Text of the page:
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Racial profiling or racist policing? bounds tests in aggregate data

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  • Rubén Hernández-Murillo
  • John Knowles

Abstract

State-wide reports on police traffic stops and searches summarize very large populations, making them potentially powerful tools for identifying racial bias, particularly when statistics on search outcomes are included. But when the reported statistics conflate searches involving different levels of police discretion, standard tests for racial bias are not applicable. This paper develops a model of police search decisions that allows for non-discretionary searches and derives tests for racial bias in data that mixes different search types. Our tests reject unbiased policing as an explanation of the disparate impact of motor-vehicle searches on minorities in Missouri

Suggested Citation

  • Rubén Hernández-Murillo & John Knowles, 2004. "Racial profiling or racist policing? bounds tests in aggregate data," Working Papers 2004-012, Federal Reserve Bank of St. Louis.
  • Handle: RePEc:fip:fedlwp:2004-012
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    References listed on IDEAS

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    5. Bunzel, Helle & Marcoul, Philippe, 2008. "Can racially unbiased police perpetuate long-run discrimination?," Journal of Economic Behavior & Organization, Elsevier, vol. 68(1), pages 36-47, October.
    6. Horowitz, Joel L & Manski, Charles F, 1995. "Identification and Robustness with Contaminated and Corrupted Data," Econometrica, Econometric Society, vol. 63(2), pages 281-302, March.
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    Cited by:

    1. Kate Antonovics & Brian G. Knight, 2009. "A New Look at Racial Profiling: Evidence from the Boston Police Department," The Review of Economics and Statistics, MIT Press, vol. 91(1), pages 163-177, February.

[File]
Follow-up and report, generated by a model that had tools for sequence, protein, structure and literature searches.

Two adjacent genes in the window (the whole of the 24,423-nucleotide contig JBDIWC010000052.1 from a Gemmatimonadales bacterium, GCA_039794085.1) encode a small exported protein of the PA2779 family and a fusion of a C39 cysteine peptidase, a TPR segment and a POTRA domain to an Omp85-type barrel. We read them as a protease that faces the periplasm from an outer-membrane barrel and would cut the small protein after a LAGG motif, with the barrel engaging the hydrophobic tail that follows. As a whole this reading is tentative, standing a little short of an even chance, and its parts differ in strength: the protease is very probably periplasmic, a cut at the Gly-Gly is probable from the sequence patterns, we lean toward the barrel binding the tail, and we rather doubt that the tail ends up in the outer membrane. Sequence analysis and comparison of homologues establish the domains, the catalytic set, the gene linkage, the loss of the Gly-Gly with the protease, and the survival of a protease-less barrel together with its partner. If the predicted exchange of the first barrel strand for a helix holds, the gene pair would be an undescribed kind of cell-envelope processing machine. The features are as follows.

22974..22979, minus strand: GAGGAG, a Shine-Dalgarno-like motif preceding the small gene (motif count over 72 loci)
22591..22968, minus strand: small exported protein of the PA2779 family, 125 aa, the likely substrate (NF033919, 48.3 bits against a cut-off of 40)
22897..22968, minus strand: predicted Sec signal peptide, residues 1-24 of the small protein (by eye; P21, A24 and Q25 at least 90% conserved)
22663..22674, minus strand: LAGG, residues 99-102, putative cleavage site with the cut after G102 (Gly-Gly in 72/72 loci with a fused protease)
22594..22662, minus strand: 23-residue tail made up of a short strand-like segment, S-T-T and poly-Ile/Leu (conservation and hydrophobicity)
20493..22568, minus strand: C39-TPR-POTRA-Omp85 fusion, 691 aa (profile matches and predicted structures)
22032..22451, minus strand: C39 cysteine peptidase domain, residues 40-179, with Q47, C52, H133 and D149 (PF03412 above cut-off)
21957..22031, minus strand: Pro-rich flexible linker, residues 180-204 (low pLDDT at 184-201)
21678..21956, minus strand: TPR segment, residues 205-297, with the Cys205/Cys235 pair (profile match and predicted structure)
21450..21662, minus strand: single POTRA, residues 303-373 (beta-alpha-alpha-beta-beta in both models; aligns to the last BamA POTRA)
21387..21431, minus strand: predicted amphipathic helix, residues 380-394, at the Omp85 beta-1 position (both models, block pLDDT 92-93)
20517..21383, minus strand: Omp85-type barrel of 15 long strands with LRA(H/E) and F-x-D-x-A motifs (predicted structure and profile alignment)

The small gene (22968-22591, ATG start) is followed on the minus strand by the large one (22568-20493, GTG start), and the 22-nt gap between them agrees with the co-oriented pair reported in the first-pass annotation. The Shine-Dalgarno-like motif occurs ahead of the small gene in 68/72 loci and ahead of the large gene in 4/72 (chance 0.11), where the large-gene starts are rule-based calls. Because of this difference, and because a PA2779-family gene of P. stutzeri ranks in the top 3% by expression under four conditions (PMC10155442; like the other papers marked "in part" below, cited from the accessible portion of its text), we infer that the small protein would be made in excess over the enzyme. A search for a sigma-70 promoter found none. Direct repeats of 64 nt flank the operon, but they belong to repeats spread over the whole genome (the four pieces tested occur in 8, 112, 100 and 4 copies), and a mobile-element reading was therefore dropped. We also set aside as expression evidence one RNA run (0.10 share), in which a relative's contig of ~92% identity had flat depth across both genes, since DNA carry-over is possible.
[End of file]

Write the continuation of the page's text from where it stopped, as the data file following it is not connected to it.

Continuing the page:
2. Sarath Sanga, 2009. "Reconsidering Racial Bias in Motor Vehicle Searches: Theory and Evidence," Journal of Political Economy, University of Chicago Press, vol. 117(6), pages 1155-1159, December.
    3. Ritter, Joseph A., 2017. "How do police use race in traffic stops and searches? Tests based on observability of race," Miscellaneous Publications 253354, University of Minnesota, Department of Applied Economics.
    4. Ritter, Joseph A., 2017. "How do police use race in traffic stops and searches? Tests based on observability of race," Journal of Economic Behavior & Organization, Elsevier, vol. 135(C), pages 82-98.
    5. Bunzel, Helle & Marcoul, Philippe, 2008. "Can racially unbiased police perpetuate long-run discrimination?," Journal of Economic Behavior & Organization, Elsevier, vol. 68(1), pages 36-47, October.
    6. David Bjerk, 2007. "Racial Profiling, Statistical Discrimination, and the Effect of a Colorblind Policy on the Crime Rate," Journal of Public Economic Theory, Association for Public Economic Theory, vol. 9(3), pages 521-545, June.
    7. Brian Williams & Michael Stahl, 2008. "An analysis of police traffic stops and searches in Kentucky: a mixed methods approach offering heuristic and practical implications," Policy Sciences, Springer;Society of Policy Sciences, vol. 41(3), pages 221-243, September.
    8. Nicola Persico & Petra E. Todd, 2005. "Passenger Profiling, Imperfect Screening, and Airport Security," American Economic Review, American Economic Association, vol. 95(2), pages 127-131, May.
    9. Hugo Mialon & Sue Mialon, 2008. "The Economics of Search Warrants," Emory Economics 0810, Department of Economics, Emory University (Atlanta).
    10. Christopher Cotton & Cheng Li, 2015. "Profiling, Screening, and Criminal Recruitment," Journal of Public Economic Theory, Association for Public Economic Theory, vol. 17(6), pages 964-985, December.
    11. Antonio Merlo, 2004. "Introduction To Economic Models Of Crime," International Economic Review, Department of Economics, University of Pennsylvania and Osaka University Institute of Social and Economic Research Association, vol. 45(3), pages 677-679, August.
    12. Marco Cozzi, 2010. "Accounting for the Racial Property Crime Gap in the US: A Quantitative Equilibrium Analysis," Working Papers 1233, Queen's University, Department of Economics.
    13. Shamena Anwar & Hanming Fang, 2006. "An Alternative Test of Racial Prejudice in Motor Vehicle Searches: Theory and Evidence," American Economic Review, American Economic Association, vol. 96(1), pages 127-151, March.
    14. Trevor G. Gardner, 2014. "Racial Profiling as Collective Definition," Social Inclusion, Cogitatio Press, vol. 2(3), pages 052-059.

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    Keywords

    Households ; Public policy;

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